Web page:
Louis Jordan (the musical ‘Five Guys Named Mo’ consists of entirely of Jordan’s
songs) and Louis Prima. There has been a huge revival in this kind of music
over the past few years because of it’s ‘good time’ shuffling beat and its very
danceable style. Leading exponents of this style in the UK include Ray Gelato’s
Giants of Jive, Blue Harlem and the Phenomenal Pound Puppies. Much material
recorded by artists such as Van Morrison and Georgie Fame could be considered as
representing this kind of jazz.
Modern Jazz, Cool Jazz, Dinner Jazz &
In the context of planning an event, this category is very
broad and encompasses music from the forties, fifties and sixties and even later
and in invariably played by smaller groups from a duo up to around six pieces.
The material can include ‘American Standards’ in a smooth swing style along with
Latin American influences such as Bossa Nova and Samba. The music is often used
as reception music or as a background to dining. Cool, Sophisticated jazz is
always popular and there are a great number of bands available offering
different variation of line up and repertoire and which can include in any
combination trumpet, Saxophone, Flute, Piano, bass, Drums, Guitar and Vocalist.
Many of these bands also play covers of other styles and offer classic pop dance
Fusion Jazz Styles
Jazz. Along with Rhythm and Blues has transferred its
influences to many other music types including Pop and Rock. There is a whole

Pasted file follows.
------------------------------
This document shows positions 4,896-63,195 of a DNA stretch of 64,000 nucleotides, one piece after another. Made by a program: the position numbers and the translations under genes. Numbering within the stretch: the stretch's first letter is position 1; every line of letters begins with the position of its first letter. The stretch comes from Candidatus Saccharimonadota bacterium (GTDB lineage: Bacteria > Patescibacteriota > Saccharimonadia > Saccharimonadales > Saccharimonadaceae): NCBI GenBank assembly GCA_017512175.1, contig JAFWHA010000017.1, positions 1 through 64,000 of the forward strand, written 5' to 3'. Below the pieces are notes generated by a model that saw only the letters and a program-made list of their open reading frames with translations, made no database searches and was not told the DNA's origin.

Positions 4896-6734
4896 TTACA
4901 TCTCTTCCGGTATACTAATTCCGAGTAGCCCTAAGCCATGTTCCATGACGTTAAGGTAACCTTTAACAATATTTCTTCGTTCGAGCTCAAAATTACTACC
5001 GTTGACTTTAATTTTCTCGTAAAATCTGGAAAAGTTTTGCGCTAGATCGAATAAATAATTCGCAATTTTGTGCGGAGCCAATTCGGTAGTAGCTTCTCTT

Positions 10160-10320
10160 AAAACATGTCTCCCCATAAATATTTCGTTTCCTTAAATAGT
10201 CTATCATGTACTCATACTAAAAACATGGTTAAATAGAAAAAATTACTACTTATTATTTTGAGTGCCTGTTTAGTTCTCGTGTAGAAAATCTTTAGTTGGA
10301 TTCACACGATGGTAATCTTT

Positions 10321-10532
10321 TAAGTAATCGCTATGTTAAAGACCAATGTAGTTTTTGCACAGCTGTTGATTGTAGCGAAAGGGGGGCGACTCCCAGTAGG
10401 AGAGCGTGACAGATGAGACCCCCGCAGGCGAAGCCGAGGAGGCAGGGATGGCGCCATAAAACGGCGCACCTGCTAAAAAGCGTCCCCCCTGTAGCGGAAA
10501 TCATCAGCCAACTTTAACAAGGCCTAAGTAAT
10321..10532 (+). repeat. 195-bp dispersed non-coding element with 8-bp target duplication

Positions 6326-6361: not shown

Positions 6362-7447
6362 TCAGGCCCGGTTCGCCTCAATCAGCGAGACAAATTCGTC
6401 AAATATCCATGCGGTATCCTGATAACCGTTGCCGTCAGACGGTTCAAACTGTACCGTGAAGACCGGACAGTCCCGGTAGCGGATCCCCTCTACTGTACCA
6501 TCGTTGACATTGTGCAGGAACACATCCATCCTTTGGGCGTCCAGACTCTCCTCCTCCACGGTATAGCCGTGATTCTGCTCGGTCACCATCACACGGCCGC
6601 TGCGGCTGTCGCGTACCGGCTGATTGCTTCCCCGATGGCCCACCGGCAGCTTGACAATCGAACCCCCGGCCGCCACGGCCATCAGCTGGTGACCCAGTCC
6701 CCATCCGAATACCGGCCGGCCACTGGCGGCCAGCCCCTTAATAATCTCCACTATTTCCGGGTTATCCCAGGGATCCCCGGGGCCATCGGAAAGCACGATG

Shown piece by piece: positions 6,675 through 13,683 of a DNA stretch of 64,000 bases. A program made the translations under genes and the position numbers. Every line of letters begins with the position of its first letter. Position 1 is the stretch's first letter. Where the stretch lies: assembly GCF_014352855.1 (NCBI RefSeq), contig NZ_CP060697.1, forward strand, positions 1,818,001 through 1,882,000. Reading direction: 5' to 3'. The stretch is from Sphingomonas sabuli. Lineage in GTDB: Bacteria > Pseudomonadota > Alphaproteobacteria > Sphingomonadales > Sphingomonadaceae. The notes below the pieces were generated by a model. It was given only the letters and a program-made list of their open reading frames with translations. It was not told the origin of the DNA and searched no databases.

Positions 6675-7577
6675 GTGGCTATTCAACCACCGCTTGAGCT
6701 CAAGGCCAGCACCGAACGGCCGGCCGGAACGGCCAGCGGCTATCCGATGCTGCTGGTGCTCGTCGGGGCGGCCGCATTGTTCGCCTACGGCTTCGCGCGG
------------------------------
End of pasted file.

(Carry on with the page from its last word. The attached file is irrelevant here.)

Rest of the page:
generation of popular and entertaining jazz in a funky tight and danceable style
from the past thirty years and the boundaries become hazy so that a band who
describe themselves as a Soul or R & B band may be described by some as a jazz
band. Other ‘crossover’ fusion styles include Latin Jazz or Salsa, Indo Jazz
and Afro Jazz ( good styles to consider at a multicultural event).
All of this is intended to help clients define what they
are looking for in a ‘jazz band’ as part of the entertainment at an event or
function and is by no means an authoritative potted history of jazz.
When enquiring about booking a jazz band it is useful to mention some songs
& repertoire the
artists whose material you expect to be covered when requesting details of band
from your Entertainment Consultant or Agent.
The Edge Entertainment
Agency are able to assist with all kinds of Jazz Band in the UK, covering events
including corporate parties, private celebrations and weddings across London and
the whole of the UK.